The management of chronic wounds is an enormous clinical and economic burden on the health care system. In addition to the economic impact, the reduced quality of life and mortality associated with chronic wounds are considerable. The global $12.8 bn advanced wound care market is driven by an ageing population and rising incidence of ailments such as diabetes.

Wound healing is one of the most complex biological processes in the human body. After an injury occurs, several biological pathways are immediately activated and synchronized and involve many different cell types. This occurs in three partially overlapping and sequential phases, the inflammatory, proliferative, and remodeling phase.

The inflammatory phase starts immediately after the wound occurs and is associated with migration of immune cells to the wounded area. At the site of injury, the immune cells aid in clearing infection and damaged cells. By secreting different signaling molecules, including cytokines, chemokines, and growth factors they recruit additional immune cells and change the function of the specialized immune cells called to macrophages to resolve the inflammation. If the inflammatory phase is not resolved, wounds cannot heal and become chronic. The resolution of the inflammation initiates the proliferation phase of wound healing by stimulating epithelial-to-mesenchymal transition (EMT), angiogenesis, and by activating fibroblasts to proliferate and release collagen. This process results in re-epithelization, angiogenesis and formation of granulation tissue. Closure of the wound is finally established by substantial tissue remodeling, including the breakdown and reestablishment of the basement membranes and the extracellular matrix (ECM).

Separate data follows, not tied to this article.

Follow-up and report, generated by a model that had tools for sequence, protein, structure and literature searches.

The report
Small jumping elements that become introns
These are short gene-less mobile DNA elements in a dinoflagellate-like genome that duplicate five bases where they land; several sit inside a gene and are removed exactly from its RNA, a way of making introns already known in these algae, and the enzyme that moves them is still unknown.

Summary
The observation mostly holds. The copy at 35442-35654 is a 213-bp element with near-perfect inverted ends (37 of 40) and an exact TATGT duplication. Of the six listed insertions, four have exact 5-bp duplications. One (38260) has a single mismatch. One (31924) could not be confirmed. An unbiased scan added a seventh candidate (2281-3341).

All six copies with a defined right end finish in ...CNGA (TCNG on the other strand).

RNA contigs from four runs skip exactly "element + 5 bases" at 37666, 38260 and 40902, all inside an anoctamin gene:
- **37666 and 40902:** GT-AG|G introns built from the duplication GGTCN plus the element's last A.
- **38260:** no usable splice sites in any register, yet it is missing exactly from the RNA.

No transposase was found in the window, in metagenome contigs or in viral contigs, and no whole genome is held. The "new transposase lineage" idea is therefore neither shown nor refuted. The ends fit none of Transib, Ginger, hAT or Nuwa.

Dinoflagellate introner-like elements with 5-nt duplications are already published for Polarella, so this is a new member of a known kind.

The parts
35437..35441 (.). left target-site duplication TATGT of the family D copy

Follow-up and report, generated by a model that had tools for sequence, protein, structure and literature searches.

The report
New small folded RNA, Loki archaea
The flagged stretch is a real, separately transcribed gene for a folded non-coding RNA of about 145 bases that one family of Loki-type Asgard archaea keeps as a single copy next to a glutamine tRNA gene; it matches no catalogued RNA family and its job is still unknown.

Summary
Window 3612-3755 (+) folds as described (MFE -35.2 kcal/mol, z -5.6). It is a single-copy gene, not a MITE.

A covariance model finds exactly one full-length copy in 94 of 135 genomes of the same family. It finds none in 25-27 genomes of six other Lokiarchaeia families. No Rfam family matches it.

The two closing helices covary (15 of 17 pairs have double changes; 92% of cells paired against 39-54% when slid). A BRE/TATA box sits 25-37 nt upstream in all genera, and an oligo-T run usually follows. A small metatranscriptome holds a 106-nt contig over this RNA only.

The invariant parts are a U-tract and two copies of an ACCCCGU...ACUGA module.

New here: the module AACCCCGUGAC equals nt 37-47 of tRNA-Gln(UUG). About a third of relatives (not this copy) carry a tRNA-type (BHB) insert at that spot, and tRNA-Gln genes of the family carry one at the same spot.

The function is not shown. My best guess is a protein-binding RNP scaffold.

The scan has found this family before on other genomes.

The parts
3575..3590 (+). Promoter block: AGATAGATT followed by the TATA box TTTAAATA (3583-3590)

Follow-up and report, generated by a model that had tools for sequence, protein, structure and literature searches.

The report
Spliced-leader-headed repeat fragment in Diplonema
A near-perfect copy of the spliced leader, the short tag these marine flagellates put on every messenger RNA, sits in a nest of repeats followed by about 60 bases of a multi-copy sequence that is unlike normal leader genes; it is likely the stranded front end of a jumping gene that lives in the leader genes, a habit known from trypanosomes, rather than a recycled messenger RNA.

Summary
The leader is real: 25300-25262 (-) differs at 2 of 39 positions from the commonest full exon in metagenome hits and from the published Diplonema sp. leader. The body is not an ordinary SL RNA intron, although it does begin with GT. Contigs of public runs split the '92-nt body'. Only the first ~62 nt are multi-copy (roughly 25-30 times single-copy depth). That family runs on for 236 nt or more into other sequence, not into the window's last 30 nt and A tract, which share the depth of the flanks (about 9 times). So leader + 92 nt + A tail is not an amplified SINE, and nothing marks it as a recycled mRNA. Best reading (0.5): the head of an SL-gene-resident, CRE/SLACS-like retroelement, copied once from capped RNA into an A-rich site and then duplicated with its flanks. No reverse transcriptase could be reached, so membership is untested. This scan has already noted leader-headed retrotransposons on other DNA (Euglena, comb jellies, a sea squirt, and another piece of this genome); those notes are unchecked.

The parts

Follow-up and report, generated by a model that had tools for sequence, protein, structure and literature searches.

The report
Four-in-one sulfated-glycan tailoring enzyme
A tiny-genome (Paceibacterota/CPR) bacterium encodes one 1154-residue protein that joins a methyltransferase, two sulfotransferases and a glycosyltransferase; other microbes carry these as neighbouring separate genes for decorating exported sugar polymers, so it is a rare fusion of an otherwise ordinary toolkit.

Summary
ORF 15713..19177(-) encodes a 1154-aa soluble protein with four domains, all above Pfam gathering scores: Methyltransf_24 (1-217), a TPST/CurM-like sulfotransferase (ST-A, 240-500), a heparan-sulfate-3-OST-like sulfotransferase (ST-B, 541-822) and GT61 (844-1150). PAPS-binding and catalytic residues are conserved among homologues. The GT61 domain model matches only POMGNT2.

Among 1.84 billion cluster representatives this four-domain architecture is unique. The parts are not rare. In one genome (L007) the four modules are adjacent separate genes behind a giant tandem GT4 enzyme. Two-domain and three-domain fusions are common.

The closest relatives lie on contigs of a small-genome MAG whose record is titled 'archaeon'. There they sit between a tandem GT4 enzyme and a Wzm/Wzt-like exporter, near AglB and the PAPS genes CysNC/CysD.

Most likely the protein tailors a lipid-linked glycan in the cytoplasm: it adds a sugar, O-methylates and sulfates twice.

An error in any stage of this complex process can lead to chronic wounds, i.e. wounds that do not heal within the expected time, usually 4 weeks.

Physiological factors such as old age, impaired blood flow and diabetes can lead to an increased risk of chronic wounds in particular. Plasminogen has the potential to overcome impaired healing by enhancing the body's natural healing mechanisms.